The Great Fire of London in 1666 consumed about four-fifths of the City. Some buildings escaped, but most have since been demolished or destroyed in the Blitz.
Yet, here and there, one can still find traces of the pre-fire city. Here we look at the survivors within the Square Mile or just beyond. Our Tudor tube map reveals pre-fire buildings further afield.
London's ancient livestock market largely escaped the blaze. Look out for the Golden Boy of Pye Corner, who marks the extent of the conflagration on Giltspur Street. The streets north of this boundary contain one of the richest collections of pre-fire buildings.
41/42 Cloth Fair: The oldest house in the Square Mile, this multi-storey dwelling was completed in 1614. After a long period in the doldrums, it is once again in use as a private residence.
St Bartholomew-the-Great: One of London's most atmospheric churches, St Bart's looks like no other building in central London. That's because it's very old. Parts of the church, like these Romanesque arches, date back to Norman times. Look out, too, for the Tudor gatehouse which faces onto Smithfield. Nearby St Bartholomew-the-Less, within the grounds of Bart's hospital, is also from the 16th century.
Charterhouse: A former priory, then school, Charterhouse has long contained almshouses for the elderly. Parts of the complex date back to the 16th century. Soak in the history and perhaps meet some of the 'Brothers' who live there, on a tour.
Few sites in the City are so entangled in history as the Guildhall. The complex contains architecture from many periods, from the remains of a Roman amphitheatre to the late 20th century art gallery. Although damaged by the Great Fire and the Blitz, plenty of medieval stone can still be seen. The grand front shown above is a Georgian pastiche, but the main hall behind, and crypt below, are proper old.
Churches were the most prominent buildings of the pre-fire city. 87 churches and St Paul's Cathedral succumbed to the flames. Not everything perished, though.
St Olave Hart Street: The parish church of fire chronicler Samuel Pepys avoided a fiery fate by a whisker. The flames halted just a block to the west. Much of the building dates from 1450, though it's heavily restored after damage in the Blitz.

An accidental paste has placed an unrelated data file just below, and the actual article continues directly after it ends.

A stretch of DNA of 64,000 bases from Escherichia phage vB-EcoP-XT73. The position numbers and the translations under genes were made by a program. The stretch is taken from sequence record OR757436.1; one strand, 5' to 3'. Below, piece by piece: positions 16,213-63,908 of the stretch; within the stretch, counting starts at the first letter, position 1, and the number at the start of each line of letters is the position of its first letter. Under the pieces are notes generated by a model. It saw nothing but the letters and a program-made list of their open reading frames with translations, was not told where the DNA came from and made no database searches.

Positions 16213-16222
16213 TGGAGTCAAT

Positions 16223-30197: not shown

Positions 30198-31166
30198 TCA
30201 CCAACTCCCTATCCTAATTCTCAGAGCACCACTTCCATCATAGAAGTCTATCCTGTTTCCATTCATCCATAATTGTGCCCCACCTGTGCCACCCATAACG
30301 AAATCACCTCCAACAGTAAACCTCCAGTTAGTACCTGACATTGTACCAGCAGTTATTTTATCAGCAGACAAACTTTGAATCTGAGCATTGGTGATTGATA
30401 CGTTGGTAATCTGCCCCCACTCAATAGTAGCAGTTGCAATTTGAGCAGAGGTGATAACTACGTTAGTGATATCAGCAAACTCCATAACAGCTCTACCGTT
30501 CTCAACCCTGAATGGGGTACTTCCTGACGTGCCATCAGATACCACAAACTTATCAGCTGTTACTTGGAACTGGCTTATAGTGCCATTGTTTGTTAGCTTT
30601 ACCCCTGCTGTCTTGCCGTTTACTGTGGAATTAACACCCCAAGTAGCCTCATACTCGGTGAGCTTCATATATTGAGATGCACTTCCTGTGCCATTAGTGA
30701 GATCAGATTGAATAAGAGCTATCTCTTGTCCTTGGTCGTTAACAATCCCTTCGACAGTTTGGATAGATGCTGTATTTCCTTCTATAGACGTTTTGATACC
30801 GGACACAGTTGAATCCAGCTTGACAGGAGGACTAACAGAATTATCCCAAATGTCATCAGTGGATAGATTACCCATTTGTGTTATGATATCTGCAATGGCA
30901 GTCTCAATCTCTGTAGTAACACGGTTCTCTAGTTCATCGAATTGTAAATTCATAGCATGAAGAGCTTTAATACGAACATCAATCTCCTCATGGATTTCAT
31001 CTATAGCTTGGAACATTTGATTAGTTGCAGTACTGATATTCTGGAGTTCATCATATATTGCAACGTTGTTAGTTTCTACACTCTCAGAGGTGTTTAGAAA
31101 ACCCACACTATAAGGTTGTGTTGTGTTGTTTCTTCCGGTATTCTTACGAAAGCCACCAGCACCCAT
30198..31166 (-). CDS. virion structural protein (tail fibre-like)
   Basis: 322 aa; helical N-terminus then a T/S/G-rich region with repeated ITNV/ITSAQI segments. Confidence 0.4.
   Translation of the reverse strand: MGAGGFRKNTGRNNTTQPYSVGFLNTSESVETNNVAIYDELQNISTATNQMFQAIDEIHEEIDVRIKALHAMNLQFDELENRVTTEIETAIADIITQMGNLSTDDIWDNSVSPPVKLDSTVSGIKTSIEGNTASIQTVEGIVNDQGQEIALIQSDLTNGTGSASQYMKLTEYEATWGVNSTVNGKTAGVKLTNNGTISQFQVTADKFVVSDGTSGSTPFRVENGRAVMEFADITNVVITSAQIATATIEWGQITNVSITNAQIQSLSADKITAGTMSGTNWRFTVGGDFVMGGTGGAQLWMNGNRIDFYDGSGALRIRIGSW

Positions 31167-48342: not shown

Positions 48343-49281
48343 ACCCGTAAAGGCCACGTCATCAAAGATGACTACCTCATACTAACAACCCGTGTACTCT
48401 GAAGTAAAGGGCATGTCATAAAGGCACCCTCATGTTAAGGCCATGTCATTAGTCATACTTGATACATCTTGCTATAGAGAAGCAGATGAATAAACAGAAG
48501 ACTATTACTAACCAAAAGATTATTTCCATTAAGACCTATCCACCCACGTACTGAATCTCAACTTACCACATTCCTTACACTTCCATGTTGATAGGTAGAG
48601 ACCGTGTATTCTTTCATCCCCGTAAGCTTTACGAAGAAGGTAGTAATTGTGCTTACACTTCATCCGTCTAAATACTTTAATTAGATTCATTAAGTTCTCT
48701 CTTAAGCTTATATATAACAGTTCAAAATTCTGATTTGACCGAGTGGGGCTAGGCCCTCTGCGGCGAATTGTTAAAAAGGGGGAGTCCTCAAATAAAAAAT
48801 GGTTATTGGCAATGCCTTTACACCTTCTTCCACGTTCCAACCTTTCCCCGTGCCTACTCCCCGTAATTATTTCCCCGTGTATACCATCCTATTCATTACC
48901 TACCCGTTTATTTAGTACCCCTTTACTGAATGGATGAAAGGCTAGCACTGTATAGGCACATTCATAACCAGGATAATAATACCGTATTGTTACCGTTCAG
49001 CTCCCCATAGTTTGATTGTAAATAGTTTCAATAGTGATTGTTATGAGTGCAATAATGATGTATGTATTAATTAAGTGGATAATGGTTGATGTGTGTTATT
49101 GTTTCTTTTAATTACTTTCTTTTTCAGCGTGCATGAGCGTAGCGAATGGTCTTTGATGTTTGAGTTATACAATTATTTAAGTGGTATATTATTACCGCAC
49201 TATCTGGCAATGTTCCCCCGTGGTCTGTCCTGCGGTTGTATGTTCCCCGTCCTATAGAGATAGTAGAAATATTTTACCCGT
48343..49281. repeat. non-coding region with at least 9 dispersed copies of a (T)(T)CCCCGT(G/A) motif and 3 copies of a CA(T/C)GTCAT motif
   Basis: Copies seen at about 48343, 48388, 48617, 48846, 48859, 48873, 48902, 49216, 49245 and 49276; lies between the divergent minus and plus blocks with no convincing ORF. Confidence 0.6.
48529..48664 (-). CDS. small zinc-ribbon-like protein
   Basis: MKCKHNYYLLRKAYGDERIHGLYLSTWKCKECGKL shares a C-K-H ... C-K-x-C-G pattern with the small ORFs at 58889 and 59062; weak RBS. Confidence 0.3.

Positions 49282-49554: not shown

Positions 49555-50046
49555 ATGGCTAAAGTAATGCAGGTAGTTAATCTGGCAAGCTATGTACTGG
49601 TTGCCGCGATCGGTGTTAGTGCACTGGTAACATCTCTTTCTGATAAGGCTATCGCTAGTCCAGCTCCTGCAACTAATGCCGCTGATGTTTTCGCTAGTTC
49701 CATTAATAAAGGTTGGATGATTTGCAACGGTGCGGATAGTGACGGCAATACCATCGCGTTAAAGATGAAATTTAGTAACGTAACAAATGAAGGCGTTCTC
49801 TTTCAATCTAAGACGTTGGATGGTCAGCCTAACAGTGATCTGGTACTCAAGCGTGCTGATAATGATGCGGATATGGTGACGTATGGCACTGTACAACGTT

St Mary Bishopsgate: Shakespeare's parish church also had a lucky escape in the Great Fire. The flames stopped just a little to the south-west. The church also got through the Blitz largely unscathed. Sadly, St Helen's took a hit from two IRA bombs in 1992 and 1993, which caused extensive damage.
St Andrew Undershaft: Another church in the shadow of the Gherkin, St Andrew also survived both the Great Fire and the Blitz. It dates from 1532.
St Katharine Cree: Nearby, this Tudor church also fell outside the fire zone. The tower dates from 1504, while the nave is from 1630.
St Giles-Without-Cripplegate: Outside the city walls, St Giles was spared the ravages of the fire. Sadly, it took a right old hammering in the second world war. Nevertheless, parts of the church remain from the 14th century.
All Hallows by the Tower: The church was saved after surrounding buildings were demolished as a firebreak. Alas, All Hallows was gutted in the Blitz, but the stonework remains from 1658 (a rare church building from the Commonwealth era). Pop inside to see an even older survivor — a Saxon arch from an earlier incarnation of the church.
St Etheldreda's: The famous enclave of Ely Place off Holborn contains one of the City's oldest buildings — St Etheldreda's dates back to at least 1290. It is also one of the oldest Roman Catholic churches in England. Nearby St Andrew's Holborn also survived the fire but was already in a dilapidated state. It was rebuilt by Christopher Wren.